Glass's inadequacy on the contrition front rang as false as anything he's ever written. Although he has recently penned personal letters of apology to many of the New Republiccolleagues he duped, his "faction" novel undercuts those regrets. He portrays himself as a victim in The Fabulist and presents easily identifiable co-workers as the ass, the flunky, and the backstabber. (Please don't tell me it's "just a novel.")
There are many paths to redemption the wicked can choose. Confession, for example. Regret and apology often work, as do acts of contrition and humility. But a roman à clef in which the evil-doer comes out on top to the detriment of those he harmed would not make my list.
Glass probably thinks that his therapy has set him on a course that will return him to humanity's good graces, and that his five years of self-imposed silence and urban hermitry constitute some sort of penance. They don't, of course. But what gestures could this pariah make that would satisfy me and dull Andrew Sullivan's righteous anger? Because Glass swaddles himself in the language of recovery, I'm not out of bounds to prescribe him a 6-Step Program for making amends. To wit:
1) Sullivan makes an excellent point when he notes that The Fabulist compounds Glass' sins because he deliberately traded on his notoriety for commercial gain. Nobody would have published this book had it been a pure act of imagination. Glass should repudiate the book, return the money to the publisher, or give it to a charity.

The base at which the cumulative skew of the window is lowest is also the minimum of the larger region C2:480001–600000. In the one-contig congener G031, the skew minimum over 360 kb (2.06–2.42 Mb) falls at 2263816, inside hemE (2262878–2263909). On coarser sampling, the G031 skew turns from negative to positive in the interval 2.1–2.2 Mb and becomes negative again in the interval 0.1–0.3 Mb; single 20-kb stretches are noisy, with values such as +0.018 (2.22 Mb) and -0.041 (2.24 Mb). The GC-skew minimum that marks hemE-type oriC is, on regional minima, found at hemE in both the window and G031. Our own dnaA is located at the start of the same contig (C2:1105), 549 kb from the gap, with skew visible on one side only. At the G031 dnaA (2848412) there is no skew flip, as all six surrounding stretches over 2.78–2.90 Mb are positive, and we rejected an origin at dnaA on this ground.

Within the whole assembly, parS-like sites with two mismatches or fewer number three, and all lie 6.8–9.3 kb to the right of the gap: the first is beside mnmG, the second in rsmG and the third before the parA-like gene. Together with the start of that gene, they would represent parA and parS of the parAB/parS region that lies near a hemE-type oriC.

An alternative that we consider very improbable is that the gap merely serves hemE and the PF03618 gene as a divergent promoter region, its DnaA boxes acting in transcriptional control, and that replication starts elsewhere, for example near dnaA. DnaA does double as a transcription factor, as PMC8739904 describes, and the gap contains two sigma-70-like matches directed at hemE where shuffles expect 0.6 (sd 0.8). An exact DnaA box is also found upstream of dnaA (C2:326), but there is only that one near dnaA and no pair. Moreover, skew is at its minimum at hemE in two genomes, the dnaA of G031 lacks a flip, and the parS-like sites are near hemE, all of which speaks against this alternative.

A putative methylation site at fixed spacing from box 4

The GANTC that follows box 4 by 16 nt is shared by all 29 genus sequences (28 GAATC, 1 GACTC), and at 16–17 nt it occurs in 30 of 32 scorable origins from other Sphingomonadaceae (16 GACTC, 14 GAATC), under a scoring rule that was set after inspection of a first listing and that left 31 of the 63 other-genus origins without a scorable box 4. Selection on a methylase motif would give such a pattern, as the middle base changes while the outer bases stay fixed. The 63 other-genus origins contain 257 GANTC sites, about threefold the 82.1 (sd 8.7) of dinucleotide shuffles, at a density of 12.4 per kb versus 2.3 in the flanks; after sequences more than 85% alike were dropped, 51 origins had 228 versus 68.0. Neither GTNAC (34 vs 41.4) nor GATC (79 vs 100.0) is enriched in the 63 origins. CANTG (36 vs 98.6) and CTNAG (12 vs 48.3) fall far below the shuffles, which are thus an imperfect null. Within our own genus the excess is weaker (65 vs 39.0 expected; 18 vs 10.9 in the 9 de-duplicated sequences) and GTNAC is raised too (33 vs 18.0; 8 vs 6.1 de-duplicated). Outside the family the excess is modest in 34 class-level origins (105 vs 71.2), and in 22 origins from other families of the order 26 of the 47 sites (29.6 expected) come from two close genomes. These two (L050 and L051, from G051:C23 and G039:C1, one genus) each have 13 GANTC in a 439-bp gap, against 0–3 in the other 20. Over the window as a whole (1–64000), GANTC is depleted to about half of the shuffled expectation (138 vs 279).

2) Glass should block the publication of a paperback edition of The Fabulist to avoid any additional gain from his heinous behavior. Lest I be accused of Comstockery, I propose that Glass make his novel available for free on the Web for the edification of the curious.
3) There are at least a dozen Glass articles that the New Republichas never been able to verify. Glass, who parried questions about the veracity of those articles, should correct the record. Until he comes completely clean about his journalism, his remorse is empty.
4) Glass recently wrote a piece for Rolling Stone, indicating a desire to return to journalism. Until he completes Steps 1, 2, and 3, he shouldn't even think of writing for publication.
5) Glass passed the New York state bar exam and awaits the review of the bar's character and witness examiners. Unless they find evidence of criminal wrongdoing, he'll probably win approval. Washington City Paper's Tom Scocca made an excellent observation at the discussion when he pointed out to Glass in so many words that becoming an officer of the court might be a little presumptuous for someone who broke so many journalistic laws. Glass should withdraw his application from the bar and not think about practicing law … until I say so.
6) Last, Glass should think of spending a couple of months (at the very least) on an endeavor that does not benefit him or his ego—he should shelve that new novel he's working on immediately. Glass needn't bathe lepers, or join Charles Colson's prison ministry, or donate a kidney to a Guatemalan peasant, but he needs to do something symbolic that shows more remorse than mumbled and scribbled apologies. Send your suggestions to firstname.lastname@example.org and I'll amend this piece with the most constructive ones. (Click here for the reader contributions.)
Not being any sort of Christian, I don't believe in redemption. But criminals, jerks, and even chronic prevaricators such as Stephen Glass should get second chances if they prove worthy. If, by coming out of his shell, Glass means to pave some sort of path to normality, I'm willing to entertain sincere gestures on his part. Shutting up and doing something substantive to regain our trust would be a good place to start.
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